11/26/1984 at 01:00 AM EST
From now on when people ask Raphael Maklouf what sort of work he does, the answer is in his pocket. "I will be able to pull out a handful of change and show them," says the 47-year-old British sculptor. Maklouf has designed the image of Queen Elizabeth II that will appear on British coins and bank notes beginning in January. His version replaces the younger profile of the Queen, now 58, that has been on British currency since 1968.
Maklouf's design was selected last November by the Royal Mint's advisory committee—beating out entries from 16 other artists. Inevitably, critics abounded. "Someone on television told me I made her look too young and I told the guy he needed glasses," says Maklouf. Then there's the flip side of the coin: criticism that the image is too severe. Counters Maklouf, "It's impossible in sculpture to make someone smiling with teeth. Sculpture should show the inner truth."
For the competition, Maklouf worked from a photograph of the Queen taken by Lord Snowdon. But to create the clay bust from which the coins would be modeled, he requested one, then was granted a second sitting with Her Majesty at Buckingham Palace last December. "On television, you get this formal image," says Maklouf. "But when she's relaxed and talking, she is very different, absolutely friendly, making jokes all the time—even mimicking people."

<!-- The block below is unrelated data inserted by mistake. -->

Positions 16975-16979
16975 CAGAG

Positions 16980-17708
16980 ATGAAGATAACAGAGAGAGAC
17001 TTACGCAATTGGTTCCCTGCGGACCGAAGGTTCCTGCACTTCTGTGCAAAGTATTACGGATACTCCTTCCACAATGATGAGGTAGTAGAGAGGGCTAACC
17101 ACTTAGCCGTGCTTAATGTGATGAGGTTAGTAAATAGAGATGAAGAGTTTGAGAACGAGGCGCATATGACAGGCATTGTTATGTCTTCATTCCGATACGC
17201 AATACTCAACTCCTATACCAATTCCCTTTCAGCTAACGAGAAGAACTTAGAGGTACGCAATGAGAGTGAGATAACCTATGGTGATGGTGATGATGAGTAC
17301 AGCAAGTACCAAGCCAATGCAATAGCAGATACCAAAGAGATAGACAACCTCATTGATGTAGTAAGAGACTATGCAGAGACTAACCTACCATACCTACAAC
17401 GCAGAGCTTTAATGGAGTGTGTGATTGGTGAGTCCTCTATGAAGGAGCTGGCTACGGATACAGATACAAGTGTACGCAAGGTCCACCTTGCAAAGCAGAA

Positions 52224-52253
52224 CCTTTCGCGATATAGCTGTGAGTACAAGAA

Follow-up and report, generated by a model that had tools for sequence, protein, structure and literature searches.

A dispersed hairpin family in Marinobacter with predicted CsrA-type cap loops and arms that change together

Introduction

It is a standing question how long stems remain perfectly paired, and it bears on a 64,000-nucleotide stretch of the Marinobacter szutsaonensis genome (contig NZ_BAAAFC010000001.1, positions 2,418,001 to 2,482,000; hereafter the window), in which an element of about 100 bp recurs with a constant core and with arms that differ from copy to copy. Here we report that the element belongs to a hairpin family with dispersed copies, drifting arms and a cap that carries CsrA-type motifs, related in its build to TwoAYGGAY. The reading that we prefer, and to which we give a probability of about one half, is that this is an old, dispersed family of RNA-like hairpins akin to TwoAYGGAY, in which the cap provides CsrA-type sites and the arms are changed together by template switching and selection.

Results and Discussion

Born in Jerusalem, Maklouf, the son of an antiques dealer, says a boyhood eye disease that made reading and writing difficult shaped his interest in sculpture. He lives in Richmond, Surrey with his artist wife, Marilyn, and three children. Maklouf received $3,275 for updating the Queen's image and hopes his heightened recognition will enhance the status of his craft. "Sculpture used to be popular—look at how many busts were done of Queen Victoria," he says. "I want to rekindle that interest."